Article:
News ID: 195995
Published: 0552 GMT July 04, 2017

Researchers create antioxidant-rich purple rice

Researchers create antioxidant-rich purple rice

Researchers in China have successfully created genetically modified purple rice that is rich in antioxidants and thus has the potential to reduce the risk of cancer and other diseases.

The added health benefits of the new rice came from high levels of anthocyanins, a group of antioxidant-boosting pigments that also provide the purple, red or blue colors of many fruits and vegetables, news.xinhuanet.com wrote.

According to the study published in the journal Molecular Plant, "Consumption of rice rich in anthocyanins can benefit human health, decreasing the risk of certain cancers, cardiovascular disease, diabetes and other chronic disorder."

However, previous attempts to engineer anthocyanin production in rice have failed because the underlying biosynthesis pathway is highly complex.

To address this challenge, Yao-Guang Liu of the South China Agricultural University and his colleagues first set out to identify the genes related to anthocyanin production in different rice varieties.

The team also pinpointed the defective genes in japonica and indica, subspecies that do not produce anthocyanins.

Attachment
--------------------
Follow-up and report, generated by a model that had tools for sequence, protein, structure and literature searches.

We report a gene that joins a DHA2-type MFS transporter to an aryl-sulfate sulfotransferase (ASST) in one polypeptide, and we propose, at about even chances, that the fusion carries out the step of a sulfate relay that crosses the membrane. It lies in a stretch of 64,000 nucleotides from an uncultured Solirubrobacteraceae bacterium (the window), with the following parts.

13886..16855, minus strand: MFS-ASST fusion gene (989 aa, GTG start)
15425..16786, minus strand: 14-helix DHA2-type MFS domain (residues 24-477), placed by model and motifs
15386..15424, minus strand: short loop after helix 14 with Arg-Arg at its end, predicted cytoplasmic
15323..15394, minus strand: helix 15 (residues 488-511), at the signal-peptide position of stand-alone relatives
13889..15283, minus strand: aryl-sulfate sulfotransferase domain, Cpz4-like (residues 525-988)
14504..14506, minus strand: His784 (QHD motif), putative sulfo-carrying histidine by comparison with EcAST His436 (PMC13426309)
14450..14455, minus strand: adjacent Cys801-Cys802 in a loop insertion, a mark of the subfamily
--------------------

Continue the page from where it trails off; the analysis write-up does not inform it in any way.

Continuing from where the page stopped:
Then, the researchers developed what they called 'a highly efficient, easy-to-use transgene stacking system' and used it to insert eight genes needed to produce anthocyanin into the japonica and indica rice varieties.

As expected, the resulting purple rice had high anthocyanin levels and antioxidant activity.

Liu said, "This is the first demonstration of engineering such a complex metabolic pathway in plants."

In the future, the researchers believed that their strategy could be used for the production of many other important nutrients and medicinal ingredients.

The researchers now planned to evaluate the safety of the new purple rice as biofortified food and they will also try to engineer the biosynthesis of anthocyanins in other crops to produce more purple cereals.

Liu said, "Our research provides a high-efficiency vector system for stacking multiple genes for synthetic biology and makes it potentially feasible for engineering complex biosynthesis pathways in the endosperm of rice and other crop plants such as maize, wheat, and barley."

   
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